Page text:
What price streaming?

Record companies, Webcasters in battle royal; AOL divisions part company on issue

Record companies and Webcasters last week began a six-week face-off over how much the latter should have to pay the former in royalty fees for streaming their content.

Record companies should receive 15% of Webcasters' revenue, argued the Recording Industry Association of America last week before a copyright arbitration panel in Washington. That amounts to approximately 0.4 cents per song.

Webcasters, including radio stations that stream their programming, say they should have to pay far less—closer to .015 cents per song or 1% of total revenue—because they already pay copyright fees to music publishers of about $300 million annually.

The issue only concerns Webcasters offering non-interactive services, such as a streamed radio signal and not to services such as Napster, in which users download specific songs, or to services that allow users to create custom audio streams.

In the coming weeks, both sides will usher in dozens of witnesses to be cross-examined by lawyers. Last week, the panel focused on the record companies and heard testimony from RIAA President Hilary Rosen and Senior Vice President Cary Sherman. Later this month, top radio executives and singer Alanis Morrisette will present their side.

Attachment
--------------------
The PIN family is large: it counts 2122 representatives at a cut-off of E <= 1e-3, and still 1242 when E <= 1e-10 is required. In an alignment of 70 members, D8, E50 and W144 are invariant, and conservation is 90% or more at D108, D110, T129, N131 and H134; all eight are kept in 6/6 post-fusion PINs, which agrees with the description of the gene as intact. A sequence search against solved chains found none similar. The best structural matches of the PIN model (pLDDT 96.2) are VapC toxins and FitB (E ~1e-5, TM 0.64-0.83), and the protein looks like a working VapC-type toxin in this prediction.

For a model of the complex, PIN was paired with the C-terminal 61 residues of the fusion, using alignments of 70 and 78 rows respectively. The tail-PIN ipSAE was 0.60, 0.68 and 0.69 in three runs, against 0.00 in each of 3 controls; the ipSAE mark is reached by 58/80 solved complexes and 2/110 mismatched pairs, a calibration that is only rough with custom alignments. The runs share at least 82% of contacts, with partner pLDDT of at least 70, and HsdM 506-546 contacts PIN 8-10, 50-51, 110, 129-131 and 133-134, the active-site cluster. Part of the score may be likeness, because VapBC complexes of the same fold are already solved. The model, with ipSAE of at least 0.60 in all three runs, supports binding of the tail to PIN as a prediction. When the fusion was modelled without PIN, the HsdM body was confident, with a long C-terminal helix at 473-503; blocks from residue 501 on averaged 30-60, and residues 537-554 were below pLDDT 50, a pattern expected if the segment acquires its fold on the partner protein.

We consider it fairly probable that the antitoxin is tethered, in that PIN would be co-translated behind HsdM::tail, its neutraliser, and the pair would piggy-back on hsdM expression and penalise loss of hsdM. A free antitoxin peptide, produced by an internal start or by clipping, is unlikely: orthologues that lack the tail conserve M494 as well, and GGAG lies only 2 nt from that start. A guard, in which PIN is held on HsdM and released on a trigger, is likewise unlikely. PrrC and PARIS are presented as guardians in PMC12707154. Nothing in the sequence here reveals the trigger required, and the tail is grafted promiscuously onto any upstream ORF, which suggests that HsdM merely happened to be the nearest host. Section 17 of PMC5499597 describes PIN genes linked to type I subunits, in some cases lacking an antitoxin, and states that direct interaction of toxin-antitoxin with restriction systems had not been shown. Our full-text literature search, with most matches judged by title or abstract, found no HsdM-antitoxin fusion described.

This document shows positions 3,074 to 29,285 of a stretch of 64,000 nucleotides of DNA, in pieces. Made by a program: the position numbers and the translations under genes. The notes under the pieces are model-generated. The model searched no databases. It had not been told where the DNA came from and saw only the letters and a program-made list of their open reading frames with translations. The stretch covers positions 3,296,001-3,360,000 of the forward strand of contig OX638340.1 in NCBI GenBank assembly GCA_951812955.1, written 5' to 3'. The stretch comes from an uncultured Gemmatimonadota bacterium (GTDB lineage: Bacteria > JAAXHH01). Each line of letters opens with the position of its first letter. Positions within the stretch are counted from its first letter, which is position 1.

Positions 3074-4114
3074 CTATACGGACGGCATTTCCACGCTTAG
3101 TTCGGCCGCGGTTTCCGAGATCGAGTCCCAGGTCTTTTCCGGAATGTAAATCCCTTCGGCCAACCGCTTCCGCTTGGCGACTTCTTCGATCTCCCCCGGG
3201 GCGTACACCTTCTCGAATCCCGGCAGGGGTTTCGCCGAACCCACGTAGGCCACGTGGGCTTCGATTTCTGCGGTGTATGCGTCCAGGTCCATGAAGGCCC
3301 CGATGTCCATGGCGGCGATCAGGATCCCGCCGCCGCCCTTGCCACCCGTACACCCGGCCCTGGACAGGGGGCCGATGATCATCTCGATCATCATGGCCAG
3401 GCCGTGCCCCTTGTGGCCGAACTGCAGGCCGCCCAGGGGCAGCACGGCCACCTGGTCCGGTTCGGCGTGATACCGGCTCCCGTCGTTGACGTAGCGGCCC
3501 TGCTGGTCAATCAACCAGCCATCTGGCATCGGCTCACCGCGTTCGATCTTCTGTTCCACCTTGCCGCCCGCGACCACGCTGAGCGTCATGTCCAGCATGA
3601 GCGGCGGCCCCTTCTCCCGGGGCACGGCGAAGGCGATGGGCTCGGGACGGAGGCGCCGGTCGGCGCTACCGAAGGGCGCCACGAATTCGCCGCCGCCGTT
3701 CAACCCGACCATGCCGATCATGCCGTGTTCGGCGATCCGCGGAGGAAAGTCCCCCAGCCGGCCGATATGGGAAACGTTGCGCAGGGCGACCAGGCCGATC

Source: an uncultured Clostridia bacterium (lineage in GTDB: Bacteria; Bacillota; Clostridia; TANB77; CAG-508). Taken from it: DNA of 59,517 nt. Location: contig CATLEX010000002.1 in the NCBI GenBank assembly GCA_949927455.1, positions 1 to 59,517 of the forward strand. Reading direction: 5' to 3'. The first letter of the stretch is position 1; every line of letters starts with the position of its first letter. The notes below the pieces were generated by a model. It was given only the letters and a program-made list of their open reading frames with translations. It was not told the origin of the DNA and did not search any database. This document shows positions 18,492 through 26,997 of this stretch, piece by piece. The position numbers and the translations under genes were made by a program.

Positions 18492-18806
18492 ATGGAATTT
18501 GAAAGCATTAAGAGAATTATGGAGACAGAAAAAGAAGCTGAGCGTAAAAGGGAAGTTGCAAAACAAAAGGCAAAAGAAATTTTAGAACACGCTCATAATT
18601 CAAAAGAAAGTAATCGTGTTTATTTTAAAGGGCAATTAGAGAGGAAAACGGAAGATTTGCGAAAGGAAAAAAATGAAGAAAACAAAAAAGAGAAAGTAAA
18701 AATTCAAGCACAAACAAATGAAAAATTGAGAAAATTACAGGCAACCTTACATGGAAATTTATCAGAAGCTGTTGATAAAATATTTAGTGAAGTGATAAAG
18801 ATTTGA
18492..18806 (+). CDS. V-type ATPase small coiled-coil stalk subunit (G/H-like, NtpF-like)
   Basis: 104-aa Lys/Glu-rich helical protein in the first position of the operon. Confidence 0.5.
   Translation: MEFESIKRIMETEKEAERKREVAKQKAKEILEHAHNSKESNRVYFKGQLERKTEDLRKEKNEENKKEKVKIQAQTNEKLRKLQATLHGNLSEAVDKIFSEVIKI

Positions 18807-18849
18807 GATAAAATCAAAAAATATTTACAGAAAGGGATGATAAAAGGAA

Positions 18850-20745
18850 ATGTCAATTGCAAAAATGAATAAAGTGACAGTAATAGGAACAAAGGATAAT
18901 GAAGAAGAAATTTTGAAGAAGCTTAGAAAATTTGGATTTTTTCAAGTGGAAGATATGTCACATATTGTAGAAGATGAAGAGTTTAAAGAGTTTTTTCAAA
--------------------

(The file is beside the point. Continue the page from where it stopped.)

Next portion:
The panel's judges will issue their decision by the end of January.

The U.S. Copyright Office, part of the Library of Congress, has two or three months to accept that decision. If Librarian of Congress James Billington doesn't agree with the panel's decision, he has three months to issue his own ruling.

During last week's opening statements, both record companies and Webcasters pointed to the law, which establishes that compulsory copyright fees should be set by what a "willing seller and willing buyer" would negotiate in a fair market.

RIAA pointed to some 26 licensing agreements it has already struck with Webcasters, including one with Yahoo! last August, in an attempt to prove that the market already is working and no government intervention is needed.

But through their questions, Webcasters' attorneys implied they felt they had had no choice if they wanted to have a legitimate licensing deal in hand before launching a service.

The proceeding is forcing AOL Time Warner into an internal dispute. Warner Bros. Records sides with RIAA and the record companies. AOL Music, which sits on the Internet distribution side, supports Webcasters.

David Altschul, vice chairman and general counsel of Warner Bros. Records, last week told the panel: "Although Warner Bros. Records is owned by AOL Time Warner, we are run separately from AOL Time Warner and from the other WMG companies. We have our own profit-and- loss statement. We are responsible for paying all of our own expenses and operating a business that is profitable in its own right."

Meanwhile, AOL's Internet service division says they already pay royalties to music publishers and shouldn't be required to pay twice. Fred McIntyre, an executive with AOL Music/Spinner.com, will testify in opposition to Altschul.